(theconversation)–In Ethiopia, the average person eats just 42kg of fruit and vegetables per year. This is far below the WHO recommendation of 146kg per year. Fruits and vegetables are excellent sources of vitamins and minerals, vital for our body.
Deficiencies can seriously affect our physical health, increasing the risk of diabetes, cardiovascular diseases and certain types of cancers, which in turn increase the risk of premature death. In Ethiopia, poor quality diets are now considered as one of the main underlying causes in the rise of non-communicable diseases in the country.
The problem is fruits and vegetables are often too expensive and unaffordable for most. In Ethiopia, the average household would have to spend more than 10% of their income to meet the international recommendation of two servings of fruits and three servings of vegetables per person per day.
To increase the availability of fruits and vegetables, the government of Ethiopia is promoting home gardens at a large scale across the country. Since 2016, Ethiopia’s targets for homestead gardens are: 40% of rural households by 2020, and 25% of urban households by 2020.
Home gardens are an area around the house used to grow fruits and vegetables for the family. In contrast to traditional smallholder farming, the cultivated area is small and the plot is close to the house which allows year-round cultivation as it can be watered using the home’s water source.
It’s not a new idea. Many non-governmental organisations (NGOs), such as the Helen Keller International, have launched home gardening programs. These were designed to teach families how to grow fruits and vegetables for their own consumption and to improve their nutritional knowledge. In Africa, these programs have been implemented in more than 20 countries over the past decade.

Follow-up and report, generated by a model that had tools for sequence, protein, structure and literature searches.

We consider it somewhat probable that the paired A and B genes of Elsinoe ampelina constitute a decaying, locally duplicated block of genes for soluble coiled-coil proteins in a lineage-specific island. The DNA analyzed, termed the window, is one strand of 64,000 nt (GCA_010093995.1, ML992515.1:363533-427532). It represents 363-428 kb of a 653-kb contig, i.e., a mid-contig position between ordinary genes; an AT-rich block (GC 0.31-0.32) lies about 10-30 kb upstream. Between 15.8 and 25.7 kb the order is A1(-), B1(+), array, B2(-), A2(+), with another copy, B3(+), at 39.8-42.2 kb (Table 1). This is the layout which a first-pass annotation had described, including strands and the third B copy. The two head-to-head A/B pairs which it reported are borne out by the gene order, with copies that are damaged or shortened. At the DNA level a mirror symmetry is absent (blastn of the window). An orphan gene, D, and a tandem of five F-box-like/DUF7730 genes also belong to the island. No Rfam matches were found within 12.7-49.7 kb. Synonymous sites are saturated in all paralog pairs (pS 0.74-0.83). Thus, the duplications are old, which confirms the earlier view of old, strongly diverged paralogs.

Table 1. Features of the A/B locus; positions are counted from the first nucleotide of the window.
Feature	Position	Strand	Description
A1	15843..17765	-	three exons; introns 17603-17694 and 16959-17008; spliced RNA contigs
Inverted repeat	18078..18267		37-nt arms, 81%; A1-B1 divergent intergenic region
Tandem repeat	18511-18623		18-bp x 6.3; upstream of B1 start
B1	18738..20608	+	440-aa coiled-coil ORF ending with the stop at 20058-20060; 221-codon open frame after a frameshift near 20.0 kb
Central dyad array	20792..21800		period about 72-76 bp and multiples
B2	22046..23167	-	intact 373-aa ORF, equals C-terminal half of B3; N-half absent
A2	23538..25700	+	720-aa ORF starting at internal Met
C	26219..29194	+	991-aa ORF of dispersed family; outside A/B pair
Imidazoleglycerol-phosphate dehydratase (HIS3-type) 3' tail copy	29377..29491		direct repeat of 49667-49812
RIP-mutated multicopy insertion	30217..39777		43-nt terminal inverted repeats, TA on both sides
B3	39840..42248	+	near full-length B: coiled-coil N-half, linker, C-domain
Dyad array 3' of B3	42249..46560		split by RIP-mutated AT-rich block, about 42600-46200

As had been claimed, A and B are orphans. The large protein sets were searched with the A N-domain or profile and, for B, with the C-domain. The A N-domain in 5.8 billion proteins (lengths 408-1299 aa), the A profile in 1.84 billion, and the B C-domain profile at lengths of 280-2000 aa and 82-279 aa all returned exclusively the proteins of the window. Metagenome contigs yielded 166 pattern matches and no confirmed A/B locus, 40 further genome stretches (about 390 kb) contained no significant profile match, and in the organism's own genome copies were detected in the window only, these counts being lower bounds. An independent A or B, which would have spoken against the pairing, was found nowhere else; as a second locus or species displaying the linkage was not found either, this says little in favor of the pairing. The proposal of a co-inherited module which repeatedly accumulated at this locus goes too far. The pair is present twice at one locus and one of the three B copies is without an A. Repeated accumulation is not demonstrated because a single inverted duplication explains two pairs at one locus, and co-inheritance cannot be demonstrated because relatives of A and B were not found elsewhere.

But there are valid reasons to doubt whether these programs provide a sustainable and cost-effective way of addressing poor nutrition.
In a recent study in Ethiopia, we set out to analyse how effective the home gardens programs are – and whether this means that more countries should try to roll it out. This is the first research study to examine a large-scale government project and we hope it’ll inform whether these projects are viable, or not.
Home garden concerns
There are three longstanding concerns among practitioners and researchers with home gardens.
First, virtually all home garden food production programs have been implemented by NGOs, often equipped with highly trained and motivated staff. But a sustainable scaling up eventually requires handing the management to public health officials or other government workers that are often burdened with other tasks and may not have the same capacity.
Second, fruits and vegetables typically require plenty of water to grow. So far the existing homestead garden programs have mostly operated in environments where access to water is not a major constraint.
Finally, some economists question whether it is necessary to expect all households to produce their own food. This is particularly the case in areas where food markets work reasonably well.